NoEMI

Nouvel Ensemble de Musique Improvisée

L’appellation NoEMI existe depuis 1998, date de son premier concert au Festival de Jazz de Québec (avec, comme invité, le saxophoniste Dewey Redman). En 2003, afin d’expérimenter et d’explorer davantage les possibilités infinies de la musique acoustique improvisée, François Carrier fonde Le Nouvel Ensemble de Musique Improvisée (NoEMI). NoEMI réunit différents musiciens-compositeurs d’ici et d’ailleurs dans un esprit d’échange et de création. 

Comme directeur artistique de NoEMI, des Productions Fracas et de ColyaKooMusic, François Carrier a produit et organisé plus d’une centaine de concerts de jazz et de musique improvisée ainsi que plusieurs ateliers de musique improvisée à Québec, Montréal et à l’étranger.  Trois importantes séries de concerts eurent lieu à Montréal en 2005, 2006 et 2008 avec plusieurs musiciens et artistes invités.  Depuis, Le batteur Michel Lambert et le saxophoniste François Carrier ont continué leurs pérégrinations en Europe et en Europe de l’Est. Ils ont ainsi présenté de nombreux concerts en duo et en compagnie de musiciens invités comme le pianiste russe Alexey Lapin, le contrebassiste anglais John Edwards, le bassiste polonais Rafal Mazur. NoEMI nous offre notamment des concerts de musique improvisée accompagné de projections vidéo composées de photographies prises lors de leurs voyages musicaux.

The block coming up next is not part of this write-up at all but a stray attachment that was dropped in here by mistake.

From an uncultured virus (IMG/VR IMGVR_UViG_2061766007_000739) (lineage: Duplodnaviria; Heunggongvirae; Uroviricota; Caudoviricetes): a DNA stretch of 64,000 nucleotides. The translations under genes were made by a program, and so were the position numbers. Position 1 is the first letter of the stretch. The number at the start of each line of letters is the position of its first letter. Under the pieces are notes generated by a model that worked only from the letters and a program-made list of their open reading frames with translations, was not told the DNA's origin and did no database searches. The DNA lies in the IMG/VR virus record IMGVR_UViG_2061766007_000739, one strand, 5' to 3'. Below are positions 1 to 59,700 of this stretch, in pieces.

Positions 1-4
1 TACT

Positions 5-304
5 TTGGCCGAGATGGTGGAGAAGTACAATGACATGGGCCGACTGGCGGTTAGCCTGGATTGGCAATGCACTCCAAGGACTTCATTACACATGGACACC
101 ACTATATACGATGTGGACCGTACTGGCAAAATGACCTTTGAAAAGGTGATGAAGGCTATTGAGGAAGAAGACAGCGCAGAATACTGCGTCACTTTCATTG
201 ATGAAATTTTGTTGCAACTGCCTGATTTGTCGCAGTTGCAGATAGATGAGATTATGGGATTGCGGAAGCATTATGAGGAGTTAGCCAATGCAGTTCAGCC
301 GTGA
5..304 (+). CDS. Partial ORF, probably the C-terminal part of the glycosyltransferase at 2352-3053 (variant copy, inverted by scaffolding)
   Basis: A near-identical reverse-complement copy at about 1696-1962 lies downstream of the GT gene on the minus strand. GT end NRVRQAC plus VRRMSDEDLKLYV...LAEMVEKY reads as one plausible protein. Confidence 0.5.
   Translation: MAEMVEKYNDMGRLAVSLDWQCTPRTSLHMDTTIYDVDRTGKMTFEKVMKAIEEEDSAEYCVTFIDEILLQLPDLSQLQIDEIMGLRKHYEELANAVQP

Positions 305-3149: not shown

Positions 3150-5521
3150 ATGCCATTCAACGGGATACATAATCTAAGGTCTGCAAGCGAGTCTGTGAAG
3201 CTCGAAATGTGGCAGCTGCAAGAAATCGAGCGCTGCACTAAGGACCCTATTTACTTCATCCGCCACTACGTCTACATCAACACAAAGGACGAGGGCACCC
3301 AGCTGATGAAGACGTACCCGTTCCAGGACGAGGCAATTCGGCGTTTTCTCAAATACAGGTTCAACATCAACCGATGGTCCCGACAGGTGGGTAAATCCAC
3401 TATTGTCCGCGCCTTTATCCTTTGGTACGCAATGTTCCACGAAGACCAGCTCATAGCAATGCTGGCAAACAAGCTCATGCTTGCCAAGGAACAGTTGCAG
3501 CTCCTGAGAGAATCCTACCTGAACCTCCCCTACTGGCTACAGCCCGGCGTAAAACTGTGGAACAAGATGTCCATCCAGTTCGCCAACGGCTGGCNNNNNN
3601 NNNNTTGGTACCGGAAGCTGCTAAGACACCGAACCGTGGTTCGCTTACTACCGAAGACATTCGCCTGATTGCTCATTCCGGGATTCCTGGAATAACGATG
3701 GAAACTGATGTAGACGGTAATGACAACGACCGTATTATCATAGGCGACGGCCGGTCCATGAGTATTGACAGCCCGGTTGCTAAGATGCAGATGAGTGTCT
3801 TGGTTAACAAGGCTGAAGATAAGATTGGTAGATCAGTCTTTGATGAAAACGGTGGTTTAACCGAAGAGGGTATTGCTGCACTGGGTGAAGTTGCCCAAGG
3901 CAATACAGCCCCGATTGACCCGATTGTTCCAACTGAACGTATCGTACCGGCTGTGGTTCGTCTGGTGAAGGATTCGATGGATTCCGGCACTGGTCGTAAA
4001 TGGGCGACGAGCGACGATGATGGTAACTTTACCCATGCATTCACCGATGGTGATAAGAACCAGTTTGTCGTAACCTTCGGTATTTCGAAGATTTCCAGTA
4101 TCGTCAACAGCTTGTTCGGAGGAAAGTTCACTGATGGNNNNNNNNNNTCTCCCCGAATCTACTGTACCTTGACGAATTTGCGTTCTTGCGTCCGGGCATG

La plupart de ces projets ont été rendus possibles grâce à l’aide du Conseil des Arts du Canada, du Conseil des Arts et des Lettres du Québec et à l’appui financier de plusieurs commanditaires importants.

Corporation sans but lucratif depuis février 2003, NoEMI veut appuyer la pratique musicale de François Carrier en lui apportant un soutien à la création, à la diffusion, à la production et à la promotion pour toutes ses activités artistiques et musicales.

Quelques concerts récents :

NoEMI en 2008
28 février Église Anglicane, Montréal QC
29 février Église Anglicane, Montréal QC
01 mars Église Anglicane, Montréal QC
02 octobre Palais Montcalm, Québec, QC
François Carrier, Ziya Tabassian
et David Hughes
___________________________________________
NoEMI en 2006
Mardi 2 mai à 19h30
Théâtre La Chapelle
François Carrier saxophones
Michel Lambert batterie
Yannick Rieu saxophones
Reg Schwager guitare
Sarah Wendt danse
Chantal Lamirande danse
Mercredi 3 mai à 19h30
Théâtre La Chapelle
François Carrier saxophones
Michel Lambert batterie
Reg Schwager guitare
John Heward batterie
Lorraine Pritchard peinture en direct
Jeudi 4 mai à 20h
Théâtre La Chapelle
François Carrier saxophones
Michel Lambert batterie
Lorraine Pritchard peinture en direct
Vendredi 5 mai à 20h (CBC)
Théâtre La Chapelle
Tomasz Stanko trompette
Gary Peacock contrebasse
Mat Maneri alto
François Carrier saxophones